Last modified: Thursday, June 28, 2007
IU Jacobs School of Music faculty to appear on 'A Prairie Home Companion' Saturday
FOR IMMEDIATE RELEASE
June 28, 2007
BLOOMINGTON, Ind. -- Indiana University Jacobs School of Music faculty Jaime Laredo and Sharon Robinson will appear in a live edition of Public Radio International's "A Prairie Home Companion with Garrison Keillor" on Saturday (June 30).
The live broadcast will be from the Koussevitzy Music Shed at Tanglewood, in Lenox, Mass., on Saturday at 6 p.m. EST.
Laredo and Robinson will perform several movements from "Suite for Two," which violinist Andy Stein wrote for them this year to celebrate 30 years of marriage and 30 years of performing together. Stein is the violinist/saxophonist/arranger listeners usually hear on "A Prairie home Companion."
"Jaime Laredo and Sharon Robinson, both collectively and individually, are a significant and invaluable force in the international world of music," said Jacobs School of Music Dean Gwyn Richards.
Jaime Laredo, a pupil and friend of the late IU Distinguished Professor Josef Gingold, has performed worldwide for more than 40 years as a soloist, conductor, recitalist and chamber musician.
Laredo, holder of IU's Linda and Jack Gill Chair in Violin, and his wife Robinson -- an acclaimed cellist, winner of the Avery Fisher Recital Award and Grammy nominee -- are members of the celebrated Kalichstein-Laredo-Robinson Trio, winner of Musical America's "Ensemble of the Year" in 2002.
Local audiences might know Laredo from his association with the International Violin Competition of Indianapolis. He has served since 1994 as jury president for the competition, which is held every four years and continues to attract the world's most gifted violinists and distinguished jurors.
Born in Bolivia, Laredo began playing the violin at age 5 and made his orchestral debut at age 11 with the San Francisco Symphony. As a young boy, his education and development were greatly influenced by private coaching with several master musicians, including Gingold, who died in 1995. At age 17, he became the youngest winner of the Queen Elisabeth of Belgium Competition, launching his rise to international prominence.
Laredo plays regularly with many of the nation's major orchestras, including Boston, Chicago, Cleveland, New York and Philadelphia, and at most of the major music festivals. Abroad, he has performed as a soloist or conductor with the London Symphony, the BBC Symphony Orchestra, the English Chamber Orchestra, the Academy of St. Martin in the Fields, the Royal Philharmonic Orchestra and the Scottish Chamber Orchestra, which he led on two American tours and in its Hong Kong Festival Debut.
Additionally, he maintains a busy chamber music schedule as a member of the Kalichstein-Laredo-Robinson Trio. The trio made its debut in January 1977 at the White House during President Carter's inauguration.
Laredo has amassed nearly 100 recordings, received the Deutsche Schallplatten Prize and earned seven Grammy Award nominations. He won the Grammy Award for "Best Chamber Music Performance" in 1971 for Brahms: Piano Quartets (Opp. 25 and 26), which he recorded with frequent chamber music collaborators Emanuel Ax, Isaac Stern and Yo-Yo Ma.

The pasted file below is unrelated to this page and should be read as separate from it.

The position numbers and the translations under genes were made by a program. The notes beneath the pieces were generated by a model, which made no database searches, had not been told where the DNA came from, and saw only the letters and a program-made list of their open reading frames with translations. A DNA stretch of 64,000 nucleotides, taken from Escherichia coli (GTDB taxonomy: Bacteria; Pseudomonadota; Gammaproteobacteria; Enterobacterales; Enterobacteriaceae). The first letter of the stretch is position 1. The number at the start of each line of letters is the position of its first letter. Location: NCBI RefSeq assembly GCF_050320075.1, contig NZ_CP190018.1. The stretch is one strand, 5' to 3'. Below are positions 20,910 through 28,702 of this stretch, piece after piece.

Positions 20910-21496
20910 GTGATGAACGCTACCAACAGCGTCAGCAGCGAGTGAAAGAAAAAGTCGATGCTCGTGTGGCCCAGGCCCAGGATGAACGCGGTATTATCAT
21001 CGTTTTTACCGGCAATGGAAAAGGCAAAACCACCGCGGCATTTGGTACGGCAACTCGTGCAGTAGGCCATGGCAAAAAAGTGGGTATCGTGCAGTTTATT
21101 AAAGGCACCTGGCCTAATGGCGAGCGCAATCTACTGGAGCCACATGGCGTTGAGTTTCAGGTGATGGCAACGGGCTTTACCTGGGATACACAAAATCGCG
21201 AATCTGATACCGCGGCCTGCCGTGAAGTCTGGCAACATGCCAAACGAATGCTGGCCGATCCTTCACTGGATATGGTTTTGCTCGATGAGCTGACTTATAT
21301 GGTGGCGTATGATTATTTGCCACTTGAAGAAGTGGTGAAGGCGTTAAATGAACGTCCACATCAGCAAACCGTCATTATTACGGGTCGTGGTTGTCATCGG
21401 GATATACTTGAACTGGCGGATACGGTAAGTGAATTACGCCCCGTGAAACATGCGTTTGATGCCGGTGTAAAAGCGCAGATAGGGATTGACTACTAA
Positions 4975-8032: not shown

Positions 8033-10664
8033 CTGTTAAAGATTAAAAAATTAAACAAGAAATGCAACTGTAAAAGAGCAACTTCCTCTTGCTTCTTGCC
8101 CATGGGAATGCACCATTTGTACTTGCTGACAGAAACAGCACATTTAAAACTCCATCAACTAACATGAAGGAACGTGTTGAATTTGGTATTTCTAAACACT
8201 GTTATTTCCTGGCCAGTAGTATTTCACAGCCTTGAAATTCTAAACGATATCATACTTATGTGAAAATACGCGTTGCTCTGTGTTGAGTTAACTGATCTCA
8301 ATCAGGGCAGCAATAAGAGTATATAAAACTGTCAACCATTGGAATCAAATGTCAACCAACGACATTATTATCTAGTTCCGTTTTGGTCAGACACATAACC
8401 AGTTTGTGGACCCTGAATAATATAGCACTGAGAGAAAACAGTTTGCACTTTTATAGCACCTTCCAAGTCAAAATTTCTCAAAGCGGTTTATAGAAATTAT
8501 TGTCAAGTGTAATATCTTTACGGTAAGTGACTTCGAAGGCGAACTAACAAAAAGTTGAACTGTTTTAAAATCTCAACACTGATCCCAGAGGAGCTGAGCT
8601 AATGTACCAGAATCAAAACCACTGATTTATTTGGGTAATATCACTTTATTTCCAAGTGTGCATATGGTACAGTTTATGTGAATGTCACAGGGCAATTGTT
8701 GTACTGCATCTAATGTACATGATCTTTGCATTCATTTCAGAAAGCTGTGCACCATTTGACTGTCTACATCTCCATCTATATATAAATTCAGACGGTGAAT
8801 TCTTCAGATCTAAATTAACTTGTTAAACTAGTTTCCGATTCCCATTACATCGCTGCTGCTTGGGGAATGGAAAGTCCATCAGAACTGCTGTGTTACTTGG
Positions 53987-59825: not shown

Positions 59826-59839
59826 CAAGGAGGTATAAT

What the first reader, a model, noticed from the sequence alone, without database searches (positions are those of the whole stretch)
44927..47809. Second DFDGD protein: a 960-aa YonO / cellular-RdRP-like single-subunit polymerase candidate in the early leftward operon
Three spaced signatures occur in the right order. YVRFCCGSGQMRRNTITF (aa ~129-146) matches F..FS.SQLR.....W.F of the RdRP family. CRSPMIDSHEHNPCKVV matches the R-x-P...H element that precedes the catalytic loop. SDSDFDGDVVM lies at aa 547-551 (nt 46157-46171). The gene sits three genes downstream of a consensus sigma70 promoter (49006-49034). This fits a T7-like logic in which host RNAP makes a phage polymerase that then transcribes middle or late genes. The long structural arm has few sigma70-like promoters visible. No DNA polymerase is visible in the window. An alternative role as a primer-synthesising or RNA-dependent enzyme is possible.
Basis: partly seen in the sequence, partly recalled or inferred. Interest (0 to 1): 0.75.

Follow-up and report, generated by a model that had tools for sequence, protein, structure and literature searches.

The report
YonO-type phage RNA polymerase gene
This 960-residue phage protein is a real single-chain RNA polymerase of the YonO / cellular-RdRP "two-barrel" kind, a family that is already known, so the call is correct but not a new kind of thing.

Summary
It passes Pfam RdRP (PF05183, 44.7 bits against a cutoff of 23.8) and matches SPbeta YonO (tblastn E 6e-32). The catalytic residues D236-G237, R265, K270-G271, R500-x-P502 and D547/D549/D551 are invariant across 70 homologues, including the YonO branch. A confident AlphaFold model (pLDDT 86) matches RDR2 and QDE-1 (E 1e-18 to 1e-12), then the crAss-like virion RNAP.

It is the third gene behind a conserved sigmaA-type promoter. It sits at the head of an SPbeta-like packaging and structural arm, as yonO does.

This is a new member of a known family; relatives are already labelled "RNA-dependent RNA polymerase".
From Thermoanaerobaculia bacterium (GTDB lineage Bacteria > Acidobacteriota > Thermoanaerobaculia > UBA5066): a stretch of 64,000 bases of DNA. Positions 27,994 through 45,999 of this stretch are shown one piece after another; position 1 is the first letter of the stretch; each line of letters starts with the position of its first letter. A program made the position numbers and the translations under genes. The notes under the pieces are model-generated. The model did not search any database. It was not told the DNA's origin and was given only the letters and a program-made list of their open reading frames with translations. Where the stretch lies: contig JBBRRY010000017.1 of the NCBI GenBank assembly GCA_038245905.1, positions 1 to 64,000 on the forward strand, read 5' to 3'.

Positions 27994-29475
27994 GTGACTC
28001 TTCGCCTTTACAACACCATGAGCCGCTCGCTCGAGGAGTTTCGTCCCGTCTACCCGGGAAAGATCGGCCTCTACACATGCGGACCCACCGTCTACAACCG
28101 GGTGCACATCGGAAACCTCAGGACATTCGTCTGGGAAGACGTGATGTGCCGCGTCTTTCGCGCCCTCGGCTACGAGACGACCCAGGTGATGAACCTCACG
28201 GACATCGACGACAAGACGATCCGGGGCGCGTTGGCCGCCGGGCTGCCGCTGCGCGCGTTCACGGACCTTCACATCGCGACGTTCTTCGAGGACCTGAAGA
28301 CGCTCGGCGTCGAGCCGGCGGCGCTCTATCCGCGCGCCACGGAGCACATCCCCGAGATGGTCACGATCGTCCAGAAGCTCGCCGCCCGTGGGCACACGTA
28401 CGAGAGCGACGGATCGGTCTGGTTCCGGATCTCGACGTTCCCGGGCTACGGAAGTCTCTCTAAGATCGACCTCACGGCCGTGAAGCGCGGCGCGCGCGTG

He is director of the Vermont Symphony Orchestra, artistic director of the Brandenberg Ensemble and artistic director of New York's renowned "Chamber Music at the Y" series, which has become an important forum for chamber music performances. Additionally, he has led the annual New York String Orchestra Seminar at Carnegie Hall.
Sharon Robinson gave her first concert when she was 7 and has since received numerous honors and awards. Among them are the Avery Fisher Recital Award, the Pro Musicis Sponsorship Award, the Leventritt Foundation Award and the Gregor Piatigorksy Memorial Award. Her career as a recitalist, soloist with orchestra and member of the renowned Kalichstein-Laredo-Robinson Trio has taken her to most major concert halls in the United States and Europe.
Her guest appearances with orchestras in the United States have included the National Symphony, Philadelphia Orchestra, Minnesota Orchestra, the Los Angeles Philharmonic, the Boston, Baltimore, Dallas, Houston, Pittsburgh, St. Louis and San Francisco Symphonies. In Europe, she has performed with the London Symphony, Helsinki Philharmonic, Zurich's Tonhalle Orchestra and the English, Scottish and Franz Liszt Chamber Orchestras.
Robinson's television appearances have included "The Tonight Show," "The Today Show," "The Kennedy Center Honors" on CBS and a profile on "CBS Sunday Morning." Her festival engagements have included Spoleto, Mostly Mozart, Aspen, London's South Bank, Madeira, Granada, Edinburgh and Prague's Autumn Festival, where she performed the Dvorak Cello Concerto at the famous Dvorak Hall.
A co-founder of the Kalichstein-Laredo-Robinson Trio, Sharon Robinson has collaborated with Rudolf Serkin and Alexander Schneider at the Marlboro Music Festival, Leon Fleisher, Rudolf Firkusny, Yo-Yo Ma, Eugene Istomin, Itzhak Perlman, Jean-Pierre Rampal, Mstislav Rostropovich, Isaac Stern, Pinchas Zukerman and the Emerson, Guarneri, Miami, Juilliard, Orion and Tokyo Quartets. In December 2001, Musical America named the Kalichstein-Laredo-Robinson Trio the 2002 Ensemble of the Year.
Robinson has recorded numerous chamber and concerto works on labels that include Chandos and Sony labels. Her close relationships with today's composers have led to many commissions for solo and chamber works as well as concerti from Leon Kirchner, Arvo Part, Stanley Silverman, Ellen Taaffe Zwilich, David Ott, Katherine Hoover and Richard Danielpour.